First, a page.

Market News

Another down day for soybeans, corn, wheat

Soybeans were lower on fund and technical selling, unable to hold onto early modest gains. CONAB lowered its outlook for Brazil’s crop slightly from last month and there are harvest delays, but it will still be record large, currently seen at 151.419 million tons. Harvest is about halfway complete with CONAB’s next round of projections out April 13th. The Rosario Grain Exchange slashed its estimate for Argentina to just 27 million tons, 7.5 million less than their last guess. Weekly 2022/23 export sales were a net reduction and a marketing year low following cancellations by unknown destinations and Pakistan. New crop sales were routine. Unknown destinations bought 184,000 tons of 2022/23 U.S. soybeans ahead of the open. China’s National Grain and Oils Information Center says domestic crush volumes were down for the third week in a row due to tight supplies. Soybean meal was firm on an oversold bounce, while bean oil dropped on questions about crude oil demand due to concerns about the economy.

Corn was lower on fund and technical selling. CONAB has Brazil’s combined corn crop at a record large 124.677 million tons, including 95.606 million tons in the second crop. Still, they note later-than-ideal planting in some areas could trim yields. The Rosario Grain Exchange has Argentina’s corn crop at 35 million tons, a decrease of 7.5 million from the prior projection with some expectations that number will fall further. Argentina’s government says it will allow grain exporters to adjust schedules on physical corn shipments for 180 days. U.S. corn exports continue to show signs of improving with last week’s sales at 1.4 million tons, mainly to Japan and South Korea. At the halfway point of the marketing year, the 2022/23 pace is far behind 2021/22, so it’ll take strong shipments for the USDA to not trim expectations again in the next round of supply and demand estimates April 11th.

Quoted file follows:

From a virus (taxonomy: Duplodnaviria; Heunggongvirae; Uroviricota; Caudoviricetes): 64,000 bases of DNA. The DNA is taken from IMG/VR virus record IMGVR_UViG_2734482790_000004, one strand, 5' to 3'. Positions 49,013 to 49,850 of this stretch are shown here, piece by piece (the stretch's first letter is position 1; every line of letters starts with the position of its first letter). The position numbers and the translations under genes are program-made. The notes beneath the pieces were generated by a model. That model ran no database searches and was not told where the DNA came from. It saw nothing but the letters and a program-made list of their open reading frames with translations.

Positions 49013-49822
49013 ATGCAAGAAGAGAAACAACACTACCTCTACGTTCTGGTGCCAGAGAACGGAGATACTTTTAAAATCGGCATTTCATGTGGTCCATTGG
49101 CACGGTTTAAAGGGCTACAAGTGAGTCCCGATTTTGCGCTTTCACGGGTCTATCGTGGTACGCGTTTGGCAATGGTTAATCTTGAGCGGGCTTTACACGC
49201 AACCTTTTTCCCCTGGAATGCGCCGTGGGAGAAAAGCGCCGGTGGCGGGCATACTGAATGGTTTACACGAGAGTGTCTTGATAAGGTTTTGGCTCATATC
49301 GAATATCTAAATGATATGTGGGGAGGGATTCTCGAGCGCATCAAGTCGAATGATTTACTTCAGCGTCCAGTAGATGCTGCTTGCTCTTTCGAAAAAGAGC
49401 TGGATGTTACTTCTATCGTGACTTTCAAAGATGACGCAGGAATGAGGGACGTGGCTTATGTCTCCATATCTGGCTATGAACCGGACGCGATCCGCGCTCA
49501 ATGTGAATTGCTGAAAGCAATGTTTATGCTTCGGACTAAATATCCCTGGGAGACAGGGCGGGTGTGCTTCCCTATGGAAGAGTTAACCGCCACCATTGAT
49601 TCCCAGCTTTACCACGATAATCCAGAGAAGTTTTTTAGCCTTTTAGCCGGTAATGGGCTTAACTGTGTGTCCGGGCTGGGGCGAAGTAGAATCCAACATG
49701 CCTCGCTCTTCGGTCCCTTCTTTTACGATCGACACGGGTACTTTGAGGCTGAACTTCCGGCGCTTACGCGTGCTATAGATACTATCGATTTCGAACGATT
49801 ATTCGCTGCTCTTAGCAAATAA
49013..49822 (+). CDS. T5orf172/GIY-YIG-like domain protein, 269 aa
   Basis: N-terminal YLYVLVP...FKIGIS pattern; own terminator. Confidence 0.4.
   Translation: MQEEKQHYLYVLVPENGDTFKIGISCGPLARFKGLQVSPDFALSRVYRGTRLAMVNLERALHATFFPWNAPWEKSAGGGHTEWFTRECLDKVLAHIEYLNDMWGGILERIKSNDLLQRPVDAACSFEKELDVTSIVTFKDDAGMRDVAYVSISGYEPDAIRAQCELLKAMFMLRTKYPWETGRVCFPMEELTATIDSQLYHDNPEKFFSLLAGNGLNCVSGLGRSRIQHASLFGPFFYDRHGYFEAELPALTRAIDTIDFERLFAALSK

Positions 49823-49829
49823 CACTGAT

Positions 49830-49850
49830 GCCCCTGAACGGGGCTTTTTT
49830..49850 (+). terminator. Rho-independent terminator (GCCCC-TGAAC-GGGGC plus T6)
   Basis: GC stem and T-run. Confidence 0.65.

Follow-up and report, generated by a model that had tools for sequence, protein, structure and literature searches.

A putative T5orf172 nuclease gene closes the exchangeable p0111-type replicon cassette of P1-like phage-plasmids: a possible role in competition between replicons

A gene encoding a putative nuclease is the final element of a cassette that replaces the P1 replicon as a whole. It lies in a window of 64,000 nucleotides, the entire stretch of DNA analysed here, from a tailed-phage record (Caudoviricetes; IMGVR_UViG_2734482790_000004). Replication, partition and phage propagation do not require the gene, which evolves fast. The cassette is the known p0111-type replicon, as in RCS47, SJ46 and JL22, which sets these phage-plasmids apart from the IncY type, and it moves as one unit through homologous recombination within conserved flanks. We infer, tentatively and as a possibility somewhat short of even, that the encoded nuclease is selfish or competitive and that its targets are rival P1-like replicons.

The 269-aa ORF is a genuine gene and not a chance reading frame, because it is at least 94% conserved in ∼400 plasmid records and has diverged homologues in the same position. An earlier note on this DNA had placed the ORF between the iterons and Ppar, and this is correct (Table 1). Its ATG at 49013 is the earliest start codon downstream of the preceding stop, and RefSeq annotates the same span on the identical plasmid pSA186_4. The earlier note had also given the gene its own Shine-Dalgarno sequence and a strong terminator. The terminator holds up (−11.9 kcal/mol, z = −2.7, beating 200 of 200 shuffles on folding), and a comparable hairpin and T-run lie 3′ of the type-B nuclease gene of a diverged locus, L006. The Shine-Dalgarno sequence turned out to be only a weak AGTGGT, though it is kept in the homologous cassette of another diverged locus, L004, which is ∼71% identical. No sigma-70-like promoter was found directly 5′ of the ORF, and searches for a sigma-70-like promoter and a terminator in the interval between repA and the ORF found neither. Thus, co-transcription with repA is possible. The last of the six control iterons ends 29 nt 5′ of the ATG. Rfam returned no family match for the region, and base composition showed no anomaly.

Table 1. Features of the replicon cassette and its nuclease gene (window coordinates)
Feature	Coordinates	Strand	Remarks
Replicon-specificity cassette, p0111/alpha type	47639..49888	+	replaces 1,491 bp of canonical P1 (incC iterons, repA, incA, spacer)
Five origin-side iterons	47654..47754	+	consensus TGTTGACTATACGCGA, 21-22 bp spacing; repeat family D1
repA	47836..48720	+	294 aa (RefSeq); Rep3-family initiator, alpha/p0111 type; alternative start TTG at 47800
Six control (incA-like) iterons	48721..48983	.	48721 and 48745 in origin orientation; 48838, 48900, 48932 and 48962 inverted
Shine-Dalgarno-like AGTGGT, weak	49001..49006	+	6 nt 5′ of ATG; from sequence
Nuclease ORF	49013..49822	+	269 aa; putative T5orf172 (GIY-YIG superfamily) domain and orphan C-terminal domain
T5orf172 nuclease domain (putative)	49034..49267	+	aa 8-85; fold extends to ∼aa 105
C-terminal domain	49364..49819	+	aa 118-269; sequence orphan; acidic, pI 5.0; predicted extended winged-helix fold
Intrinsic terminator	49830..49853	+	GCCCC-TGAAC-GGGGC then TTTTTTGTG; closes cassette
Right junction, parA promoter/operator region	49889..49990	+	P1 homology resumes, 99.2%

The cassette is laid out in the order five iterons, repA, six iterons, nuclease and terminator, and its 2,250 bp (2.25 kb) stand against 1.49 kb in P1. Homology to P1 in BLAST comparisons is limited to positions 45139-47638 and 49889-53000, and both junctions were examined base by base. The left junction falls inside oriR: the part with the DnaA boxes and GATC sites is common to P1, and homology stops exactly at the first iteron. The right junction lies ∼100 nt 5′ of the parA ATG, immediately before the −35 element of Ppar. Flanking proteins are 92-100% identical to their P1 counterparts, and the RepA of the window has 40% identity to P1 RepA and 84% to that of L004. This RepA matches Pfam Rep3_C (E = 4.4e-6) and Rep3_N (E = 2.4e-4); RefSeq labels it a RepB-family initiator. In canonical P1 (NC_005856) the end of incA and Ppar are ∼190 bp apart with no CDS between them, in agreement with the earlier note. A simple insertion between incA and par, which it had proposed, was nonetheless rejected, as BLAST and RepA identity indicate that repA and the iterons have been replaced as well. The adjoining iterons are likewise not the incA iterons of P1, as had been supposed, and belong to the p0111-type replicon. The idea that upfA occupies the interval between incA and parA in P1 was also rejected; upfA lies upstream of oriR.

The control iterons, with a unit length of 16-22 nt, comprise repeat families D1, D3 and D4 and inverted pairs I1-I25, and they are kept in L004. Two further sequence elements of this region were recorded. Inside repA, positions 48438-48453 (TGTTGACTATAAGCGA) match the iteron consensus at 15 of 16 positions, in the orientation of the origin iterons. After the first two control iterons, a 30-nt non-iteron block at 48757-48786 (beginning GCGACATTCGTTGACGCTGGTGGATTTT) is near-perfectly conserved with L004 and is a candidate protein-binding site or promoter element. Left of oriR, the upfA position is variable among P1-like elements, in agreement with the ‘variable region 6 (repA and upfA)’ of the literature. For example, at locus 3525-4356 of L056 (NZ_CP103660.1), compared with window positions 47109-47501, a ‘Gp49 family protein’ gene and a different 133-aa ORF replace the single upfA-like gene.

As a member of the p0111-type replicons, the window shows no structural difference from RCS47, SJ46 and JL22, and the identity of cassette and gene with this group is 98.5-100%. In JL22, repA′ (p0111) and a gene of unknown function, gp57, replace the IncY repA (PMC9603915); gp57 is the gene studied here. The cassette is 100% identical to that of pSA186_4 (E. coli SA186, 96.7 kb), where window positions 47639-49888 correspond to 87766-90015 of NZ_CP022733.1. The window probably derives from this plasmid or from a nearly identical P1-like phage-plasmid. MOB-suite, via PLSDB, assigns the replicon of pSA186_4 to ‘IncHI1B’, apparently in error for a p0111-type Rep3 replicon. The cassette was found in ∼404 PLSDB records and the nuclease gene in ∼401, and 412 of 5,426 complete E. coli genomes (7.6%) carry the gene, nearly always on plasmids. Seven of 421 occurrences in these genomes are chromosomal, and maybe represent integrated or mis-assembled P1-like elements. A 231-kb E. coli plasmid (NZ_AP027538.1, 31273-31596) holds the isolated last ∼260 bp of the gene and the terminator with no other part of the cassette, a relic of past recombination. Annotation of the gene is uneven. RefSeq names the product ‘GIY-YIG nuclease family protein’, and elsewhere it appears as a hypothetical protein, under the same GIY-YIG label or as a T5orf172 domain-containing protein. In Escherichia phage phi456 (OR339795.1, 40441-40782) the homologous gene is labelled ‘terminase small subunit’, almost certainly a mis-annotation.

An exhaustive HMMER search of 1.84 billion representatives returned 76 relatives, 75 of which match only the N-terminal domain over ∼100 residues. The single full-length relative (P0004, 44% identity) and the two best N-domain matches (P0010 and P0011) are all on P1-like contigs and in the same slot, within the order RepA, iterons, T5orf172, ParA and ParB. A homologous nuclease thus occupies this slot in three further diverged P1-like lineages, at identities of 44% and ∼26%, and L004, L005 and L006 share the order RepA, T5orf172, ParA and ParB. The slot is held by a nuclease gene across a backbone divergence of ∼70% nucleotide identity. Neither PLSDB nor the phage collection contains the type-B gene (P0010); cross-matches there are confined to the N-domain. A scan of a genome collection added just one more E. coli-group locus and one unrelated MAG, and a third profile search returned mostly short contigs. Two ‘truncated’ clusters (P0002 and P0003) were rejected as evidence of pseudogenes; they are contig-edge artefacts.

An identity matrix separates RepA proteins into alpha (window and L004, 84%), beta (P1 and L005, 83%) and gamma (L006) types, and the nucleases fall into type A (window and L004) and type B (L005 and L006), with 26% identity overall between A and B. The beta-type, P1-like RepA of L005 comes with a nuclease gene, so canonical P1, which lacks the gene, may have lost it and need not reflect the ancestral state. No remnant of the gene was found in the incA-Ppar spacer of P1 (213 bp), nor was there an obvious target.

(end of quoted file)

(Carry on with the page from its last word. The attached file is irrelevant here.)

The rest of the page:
The wheat complex was sharply lower on fund and technical selling. Russia and Ukraine continue to dominate the export market due to favorable prices. The Black Sea Grain Initiative is scheduled to expire on the 18th and while there have been reports of negotiations, there’s been no real public progress. Ukraine’s planted area is expected to fall further this year due to tight supplies of cash, Russian mines in the fields, and continued aggression on other fronts by Moscow. Concerns about expanding drought in the southwestern U.S. Plains are on the back burner with generally good weather in most other U.S. wheat growing areas. Weekly U.S. wheat sales were just over 260,000 tons, primarily to China and South Korea, but with a significant cancellation by unknown destinations. With a little less than a quarter remaining in the marketing year, the 2022/23 pace is behind 2021/22, with a noticeable amount yet to be shipped.

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